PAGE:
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The First Box

by Amy C Trieger a day ago in art

Paper, glue, tape, scissors, time, thoughtfulness, kindness and love

The Cutting

I made my first collage box 25 years ago. It was summertime and my best friend and I were in my sister’s classroom - she taught art at a local school - trying to find something with which to occupy ourselves while we waited on her to finish her work. We found a stack of magazines, some small, used jewelry boxes that were headed for the trash, scotch tape and scissors. We set out to work cutting out anything that called to us. When we cut out something particularly special, we would silently show it to the other and nod knowingly, or giggle as only teenagers do. We didn’t think too much about what we were doing at the time, but were happy to have something to keep our hearts and hands busy.

That first box I made still sits on a shelf in my mom’s attic, collecting dust, but never relinquishing the secrets and treasures that adorn it. As time went on, more boxes found themselves dressed up with words and images that were a reflection of me, my surroundings, the times and my secrets. Slowly, as they got better, more intricate, so did I. When I moved away to college, the boxes were left behind, a keepsake of a time of naivety and innocence.

But, the boxes would make another appearance, this time, even bigger and more elaborate. I found myself 1000 miles away from home, living by myself in a tiny efficiency, in a much bigger city than I had ever lived. I loved my new home, but I missed my old one. And I had been taught from a young age that if you miss someone, you tell them. It's up to you to make an effort to stay connected to those you love. Growing up during a time when it was hip to brag about how many penpals you had, I was no stranger to the art of letter writing. I thought of it more as a part of normal life than something one did on occasion.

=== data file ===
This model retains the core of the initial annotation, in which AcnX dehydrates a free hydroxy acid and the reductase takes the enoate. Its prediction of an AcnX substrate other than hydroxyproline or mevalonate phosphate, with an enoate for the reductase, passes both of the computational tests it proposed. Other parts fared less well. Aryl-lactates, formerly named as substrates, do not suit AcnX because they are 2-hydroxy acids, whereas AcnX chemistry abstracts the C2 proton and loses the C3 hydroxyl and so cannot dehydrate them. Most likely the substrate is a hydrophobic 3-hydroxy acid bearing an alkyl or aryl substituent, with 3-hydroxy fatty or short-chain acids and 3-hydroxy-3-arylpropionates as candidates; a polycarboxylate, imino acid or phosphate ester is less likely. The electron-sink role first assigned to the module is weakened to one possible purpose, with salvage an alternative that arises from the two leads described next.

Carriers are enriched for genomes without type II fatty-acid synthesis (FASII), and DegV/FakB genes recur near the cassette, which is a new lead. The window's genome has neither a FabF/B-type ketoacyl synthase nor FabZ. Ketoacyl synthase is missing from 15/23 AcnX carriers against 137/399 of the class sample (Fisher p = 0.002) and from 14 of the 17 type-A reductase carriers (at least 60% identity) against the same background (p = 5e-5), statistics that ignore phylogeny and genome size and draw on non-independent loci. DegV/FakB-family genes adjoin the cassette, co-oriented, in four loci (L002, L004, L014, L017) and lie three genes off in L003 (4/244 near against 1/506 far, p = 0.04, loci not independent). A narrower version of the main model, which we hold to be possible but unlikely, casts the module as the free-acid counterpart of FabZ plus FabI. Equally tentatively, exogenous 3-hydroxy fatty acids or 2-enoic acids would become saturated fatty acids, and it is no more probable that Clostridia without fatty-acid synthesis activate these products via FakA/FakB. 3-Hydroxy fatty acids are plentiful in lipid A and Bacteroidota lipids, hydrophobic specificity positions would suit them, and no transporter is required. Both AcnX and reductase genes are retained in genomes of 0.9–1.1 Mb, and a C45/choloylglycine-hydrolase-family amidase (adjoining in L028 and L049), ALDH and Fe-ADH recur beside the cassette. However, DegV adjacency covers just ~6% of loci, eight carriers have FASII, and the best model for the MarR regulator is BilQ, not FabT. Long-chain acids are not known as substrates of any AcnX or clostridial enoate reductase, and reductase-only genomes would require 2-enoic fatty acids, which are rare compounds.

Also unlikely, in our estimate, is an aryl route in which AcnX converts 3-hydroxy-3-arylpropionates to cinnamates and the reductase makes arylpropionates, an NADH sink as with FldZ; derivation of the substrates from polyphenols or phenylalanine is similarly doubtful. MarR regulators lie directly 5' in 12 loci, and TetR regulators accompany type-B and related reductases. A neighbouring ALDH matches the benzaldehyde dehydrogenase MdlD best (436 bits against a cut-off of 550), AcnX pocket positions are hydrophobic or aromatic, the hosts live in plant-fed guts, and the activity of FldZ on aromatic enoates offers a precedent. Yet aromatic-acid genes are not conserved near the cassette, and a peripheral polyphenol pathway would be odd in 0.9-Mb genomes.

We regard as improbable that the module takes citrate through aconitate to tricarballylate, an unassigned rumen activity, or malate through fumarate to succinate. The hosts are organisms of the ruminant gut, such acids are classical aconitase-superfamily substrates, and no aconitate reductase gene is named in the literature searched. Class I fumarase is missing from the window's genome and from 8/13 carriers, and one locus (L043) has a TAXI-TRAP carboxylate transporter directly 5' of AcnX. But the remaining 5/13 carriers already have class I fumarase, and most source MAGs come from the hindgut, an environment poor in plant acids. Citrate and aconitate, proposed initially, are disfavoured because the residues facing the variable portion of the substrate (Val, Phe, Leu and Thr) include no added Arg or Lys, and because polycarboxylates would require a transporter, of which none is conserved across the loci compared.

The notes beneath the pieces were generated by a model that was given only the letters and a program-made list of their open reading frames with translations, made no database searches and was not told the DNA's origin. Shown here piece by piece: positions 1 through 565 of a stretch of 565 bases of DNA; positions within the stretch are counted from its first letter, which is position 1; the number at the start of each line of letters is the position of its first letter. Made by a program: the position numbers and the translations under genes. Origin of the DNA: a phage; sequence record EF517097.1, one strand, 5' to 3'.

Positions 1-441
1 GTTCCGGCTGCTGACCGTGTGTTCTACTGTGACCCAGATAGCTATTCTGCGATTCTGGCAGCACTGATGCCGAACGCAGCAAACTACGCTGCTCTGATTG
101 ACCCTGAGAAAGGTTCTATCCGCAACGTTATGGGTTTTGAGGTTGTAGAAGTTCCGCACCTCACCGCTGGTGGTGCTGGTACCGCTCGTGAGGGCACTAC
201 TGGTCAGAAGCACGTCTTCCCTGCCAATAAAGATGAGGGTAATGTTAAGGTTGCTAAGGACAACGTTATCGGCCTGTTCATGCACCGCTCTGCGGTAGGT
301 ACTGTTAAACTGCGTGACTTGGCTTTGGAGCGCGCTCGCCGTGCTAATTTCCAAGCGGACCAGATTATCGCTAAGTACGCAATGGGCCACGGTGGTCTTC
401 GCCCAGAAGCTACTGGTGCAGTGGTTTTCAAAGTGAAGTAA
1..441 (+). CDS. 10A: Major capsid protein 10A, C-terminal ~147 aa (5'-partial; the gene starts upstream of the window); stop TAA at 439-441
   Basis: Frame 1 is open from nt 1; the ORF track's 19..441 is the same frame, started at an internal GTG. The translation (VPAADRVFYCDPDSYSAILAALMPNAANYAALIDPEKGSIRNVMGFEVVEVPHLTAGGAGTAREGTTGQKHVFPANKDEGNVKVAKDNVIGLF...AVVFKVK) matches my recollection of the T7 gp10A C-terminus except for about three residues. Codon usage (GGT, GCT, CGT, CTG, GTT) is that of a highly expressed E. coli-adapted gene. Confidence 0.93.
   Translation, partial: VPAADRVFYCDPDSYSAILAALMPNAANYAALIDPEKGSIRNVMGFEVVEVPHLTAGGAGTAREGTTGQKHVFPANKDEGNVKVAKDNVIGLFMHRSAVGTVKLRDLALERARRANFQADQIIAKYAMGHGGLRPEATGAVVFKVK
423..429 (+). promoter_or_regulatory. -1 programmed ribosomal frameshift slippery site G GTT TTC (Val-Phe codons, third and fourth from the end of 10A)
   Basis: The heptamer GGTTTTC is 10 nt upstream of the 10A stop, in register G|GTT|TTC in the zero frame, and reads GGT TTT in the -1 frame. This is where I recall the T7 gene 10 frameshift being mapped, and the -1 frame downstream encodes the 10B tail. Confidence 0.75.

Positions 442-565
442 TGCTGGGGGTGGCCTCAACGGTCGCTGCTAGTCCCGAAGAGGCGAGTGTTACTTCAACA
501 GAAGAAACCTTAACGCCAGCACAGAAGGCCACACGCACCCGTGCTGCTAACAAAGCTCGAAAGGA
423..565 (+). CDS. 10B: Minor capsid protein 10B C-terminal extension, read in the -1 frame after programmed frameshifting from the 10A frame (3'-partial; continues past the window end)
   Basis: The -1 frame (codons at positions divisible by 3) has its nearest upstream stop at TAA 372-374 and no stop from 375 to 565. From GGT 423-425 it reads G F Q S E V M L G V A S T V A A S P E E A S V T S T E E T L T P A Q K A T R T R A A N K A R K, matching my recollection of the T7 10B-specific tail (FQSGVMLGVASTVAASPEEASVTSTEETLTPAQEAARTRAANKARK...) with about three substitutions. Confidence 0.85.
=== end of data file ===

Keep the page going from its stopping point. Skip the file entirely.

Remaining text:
At some point I decided I wanted to mail not just a letter, but a package, and when I looked at that plain box, something just didn’t seem right. It needed to say more. So I did what I had forgotten I knew how to do, and I pulled out any printed material I had, junkmail, magazines, scrap paper and set to work. I’m not exactly sure when I mailed that first gift box covered in carefully cut out images and words, but it has now become my signature way to send a package.

I have heard from more than one person that they have brought joy to not only the recipient, but also to those along its shipping route. They are for special occasions or just because. Each box is filled with small items, letters and lots of love. And though the gifts are always personal and meaningful, the outside of the boxes has come to mean just as much as what is on the inside, maybe more.

I found that the process of thinking about the individual I was creating the box for began to feed what I was choosing, and how I was arranging the pictures and words. The collage became another way for me to express feelings and thoughts that I had a hard time putting into words. And though they were intended for another person, to share joy and lift their spirits, the process of creation began to have an effect on me. It made me feel closer to those I loved. Even though I knew they were far away, I felt less lonely.

I strongly believe that love is infinite, reciprocal and spread through real action. I also believe it has the power to do just about anything, including eradicating one of the most debilitating, fear-causing, isolating threats to our well-being as humans - loneliness. But in order for love to have power, we must put our hands to tasks; we must take action; we must do.

My collage boxes are an extension and expansion of that understanding. They are also meant to be a starting point, an inspiration, a blandishment - gently persuading another to action. Sending love, sharing joy, invigorating one with the thought that someone, somewhere took the time to think of them and put their hands to action in physical form so that they might be energized to feel loved enough to do the same. Scraps of paper, glue, used boxes, tape, scissors, time, thoughtfulness, kindness - these are the types of things that when melded together with love will keep the world turning. And maybe, just maybe, help us remember that we belong to one another.

art
Amy C Trieger
Amy C Trieger
Read next: 'Chocolate Kisses'
Amy C Trieger

Amy Cozette is a mother, dancer and craftswoman. She approaches all her creative pursuits from a perspective that honors mother nature, sees the connectedness in all things and strives to bring forth the beauty that often lies hidden.

See all posts by Amy C Trieger

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